Friday, October 30, 2020
... In a panel opinion joined by David Souter (ret.), sitting by designation. Maine provides that rural students who can't access a public school can have tuition paid at a private school, but not if it's "sectarian." The CA1 permitted this, despite Trinity Lutheran Church and Espinoza, on the ground that the definition of "sectarian" means that a school (and the parents' choice of it) is disqualified from eligibility not simply because the school is religiously affiliated (religious "status"), but because the funds will be used for activity that includes religious teaching (religious "use").
That issue was formally reserved by Trinity Lutheran
: the Court wrote the opinions in a way that allowed a lower court to do this if so inclined. But the status/use distinction won't, and shouldn't, hold up ultimately. For one thing, "use" for religious teaching is also religious exercise (as Justice Gorsuch has emphasized throughout). For another, denying the entire tuition benefit--which supports education of full secular value--because there's religious teaching mixed in ends up denying it based on religious character/status. The distinction collapses, as Gorsuch has also said. Doug Laycock and I have laid out these arguments fully in an Espinoza
amicus brief and a new article
just published in the Journal of Law and Religion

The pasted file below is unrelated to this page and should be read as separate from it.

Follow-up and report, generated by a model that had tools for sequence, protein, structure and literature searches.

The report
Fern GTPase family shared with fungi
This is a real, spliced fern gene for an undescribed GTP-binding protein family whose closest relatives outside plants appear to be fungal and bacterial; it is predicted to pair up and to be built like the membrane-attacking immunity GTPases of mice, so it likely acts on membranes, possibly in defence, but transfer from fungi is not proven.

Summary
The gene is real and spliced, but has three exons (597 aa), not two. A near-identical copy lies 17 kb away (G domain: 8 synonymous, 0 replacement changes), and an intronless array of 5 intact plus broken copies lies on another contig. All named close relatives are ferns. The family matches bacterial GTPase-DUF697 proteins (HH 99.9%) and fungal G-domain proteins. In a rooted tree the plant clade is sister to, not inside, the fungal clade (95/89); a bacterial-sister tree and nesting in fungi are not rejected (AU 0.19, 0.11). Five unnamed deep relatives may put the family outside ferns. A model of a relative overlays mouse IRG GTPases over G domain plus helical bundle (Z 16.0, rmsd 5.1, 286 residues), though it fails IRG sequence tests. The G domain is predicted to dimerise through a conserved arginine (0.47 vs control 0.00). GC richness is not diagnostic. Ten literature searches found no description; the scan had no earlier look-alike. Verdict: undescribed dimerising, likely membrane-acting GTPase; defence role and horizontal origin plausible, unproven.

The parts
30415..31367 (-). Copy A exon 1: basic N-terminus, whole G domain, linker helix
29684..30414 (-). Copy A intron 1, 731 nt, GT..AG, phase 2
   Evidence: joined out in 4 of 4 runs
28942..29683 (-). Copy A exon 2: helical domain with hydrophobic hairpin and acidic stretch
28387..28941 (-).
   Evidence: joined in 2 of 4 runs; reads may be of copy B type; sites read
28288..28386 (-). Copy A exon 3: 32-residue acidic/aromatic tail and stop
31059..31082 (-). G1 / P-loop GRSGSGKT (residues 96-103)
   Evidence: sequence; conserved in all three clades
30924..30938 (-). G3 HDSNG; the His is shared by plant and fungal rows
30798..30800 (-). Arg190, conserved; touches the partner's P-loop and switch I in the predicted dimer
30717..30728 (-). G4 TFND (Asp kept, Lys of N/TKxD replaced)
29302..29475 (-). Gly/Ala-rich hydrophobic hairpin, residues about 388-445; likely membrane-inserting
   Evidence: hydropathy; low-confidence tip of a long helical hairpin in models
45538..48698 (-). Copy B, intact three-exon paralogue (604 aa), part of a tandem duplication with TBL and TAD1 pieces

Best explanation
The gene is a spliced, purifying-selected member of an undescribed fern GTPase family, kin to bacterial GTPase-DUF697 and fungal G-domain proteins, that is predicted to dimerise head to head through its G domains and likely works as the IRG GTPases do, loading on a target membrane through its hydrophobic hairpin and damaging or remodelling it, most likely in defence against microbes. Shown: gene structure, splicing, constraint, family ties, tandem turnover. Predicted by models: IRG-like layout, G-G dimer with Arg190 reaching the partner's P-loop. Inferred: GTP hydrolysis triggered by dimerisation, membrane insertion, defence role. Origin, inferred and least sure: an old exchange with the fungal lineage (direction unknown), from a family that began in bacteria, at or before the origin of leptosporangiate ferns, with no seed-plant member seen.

It seems very likely that a majority of the Court would view the CA1 ruling as appropriate for reversal. The question is whether they want to revisit the issue so soon after Espinoza.
The CA1 opinion also has a striking argument that the state is paying for the equivalent of a public education and the essence of a public education includes there being no significant religious element--therefore only secular private schools should be eligible. Although the state places some baseline accreditation-type regulations on the qualifying private schools, it doesn't appear to place major regulations that ensure they're truly like the public schools. They just can't teach religion.
There is an argument out there, with very broad consequences, that even funding public schools only--and no private schools--discriminates against religion because part of the definition of a public school is that it can't have religion in its teaching. It's almost like the CA1 panel wants to drive the Court toward that argument.